Hartline, Megan Faver; Palmer, Healther
University of Tennessee at Chattanooga
Place of Publication
In conversations about social change and activism, the American South is rarely represented as a place where such change occurs. However, this analysis will focus on two unlikely activists who used their writing and voices to advocate for change on a local scale in their individual communities. These activists are Emma Bell Miles, an artist, naturalist, and creative writer from Chattanooga, Tennessee who wrote a persuasive column in the Chattanooga News on feminism and naturalism, and Mary Cunningham, a local librarian and mother from McMinnville, Tennessee who created the Magness Library and Community House. This thesis argues that Miles and Cunningham were both capable and intelligent rhetors who understood that their voices alone were not sufficiently persuasive within their patriarchal, religious communities. Therefore, they both chose to situate their voices as extensions of the Christian God and Christianity to validate their opinions and achieve their goals. This strategic rhetorical choice to use God as a form of ethos, or a persuasive tool, is a performance of metis (briefly defined as embodied rhetorical cunning) because both Cunningham and Miles realized that their bodies made their rhetoric less credible. These women’s rhetoric and persuasive skills helped make their communities better places for people in their time, and created space for future generations of marginalized people, especially women, to speak out for their beliefs and continue that legacy of community change.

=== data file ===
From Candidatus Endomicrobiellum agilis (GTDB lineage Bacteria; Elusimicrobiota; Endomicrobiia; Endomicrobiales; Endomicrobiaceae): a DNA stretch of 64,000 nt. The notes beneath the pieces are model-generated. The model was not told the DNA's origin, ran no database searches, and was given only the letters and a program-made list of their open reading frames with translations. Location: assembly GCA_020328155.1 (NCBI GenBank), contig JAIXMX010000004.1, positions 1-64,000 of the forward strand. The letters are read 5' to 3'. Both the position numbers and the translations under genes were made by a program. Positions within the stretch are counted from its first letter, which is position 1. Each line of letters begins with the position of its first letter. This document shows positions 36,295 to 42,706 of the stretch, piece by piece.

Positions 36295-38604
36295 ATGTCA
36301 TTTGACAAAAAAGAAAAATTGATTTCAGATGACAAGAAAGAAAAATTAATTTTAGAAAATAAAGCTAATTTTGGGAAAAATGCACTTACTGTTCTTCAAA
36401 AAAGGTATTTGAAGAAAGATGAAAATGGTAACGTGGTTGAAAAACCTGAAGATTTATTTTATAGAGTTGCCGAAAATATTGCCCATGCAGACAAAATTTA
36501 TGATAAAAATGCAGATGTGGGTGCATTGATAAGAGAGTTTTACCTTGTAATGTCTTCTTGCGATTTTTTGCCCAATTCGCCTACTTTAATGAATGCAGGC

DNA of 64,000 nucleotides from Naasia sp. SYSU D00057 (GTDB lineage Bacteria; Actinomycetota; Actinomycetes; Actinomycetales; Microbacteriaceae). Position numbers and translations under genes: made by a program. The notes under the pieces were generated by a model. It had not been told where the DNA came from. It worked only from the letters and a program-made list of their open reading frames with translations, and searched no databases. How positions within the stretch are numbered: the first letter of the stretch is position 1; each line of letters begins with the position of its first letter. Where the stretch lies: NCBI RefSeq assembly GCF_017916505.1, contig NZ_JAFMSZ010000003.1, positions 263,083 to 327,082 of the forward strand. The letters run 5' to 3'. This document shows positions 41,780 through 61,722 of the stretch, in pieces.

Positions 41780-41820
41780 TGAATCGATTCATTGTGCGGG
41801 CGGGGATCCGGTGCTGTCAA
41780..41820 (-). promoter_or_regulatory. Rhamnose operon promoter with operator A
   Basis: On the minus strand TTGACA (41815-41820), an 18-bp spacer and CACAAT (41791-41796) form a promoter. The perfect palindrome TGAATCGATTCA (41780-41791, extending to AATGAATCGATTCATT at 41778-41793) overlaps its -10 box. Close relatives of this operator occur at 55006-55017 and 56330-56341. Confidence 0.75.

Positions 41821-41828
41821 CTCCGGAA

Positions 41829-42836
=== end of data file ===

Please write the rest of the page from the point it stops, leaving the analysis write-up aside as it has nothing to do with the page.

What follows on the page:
B. A.; An honors thesis submitted to the faculty of the University of Tennessee at Chattanooga in partial fulfillment of the requirements of the degree of Bachelor of Arts.
Rhetoric; Social change--Religious aspects--Christianity; Tennessee--History
Miles, Emma Bell, 1879-1919
i, 73 leaves
Burks, Dalton, "Social change through rhetorical action: case studies of two Tennessee women in the archives" (2022). Honors Theses.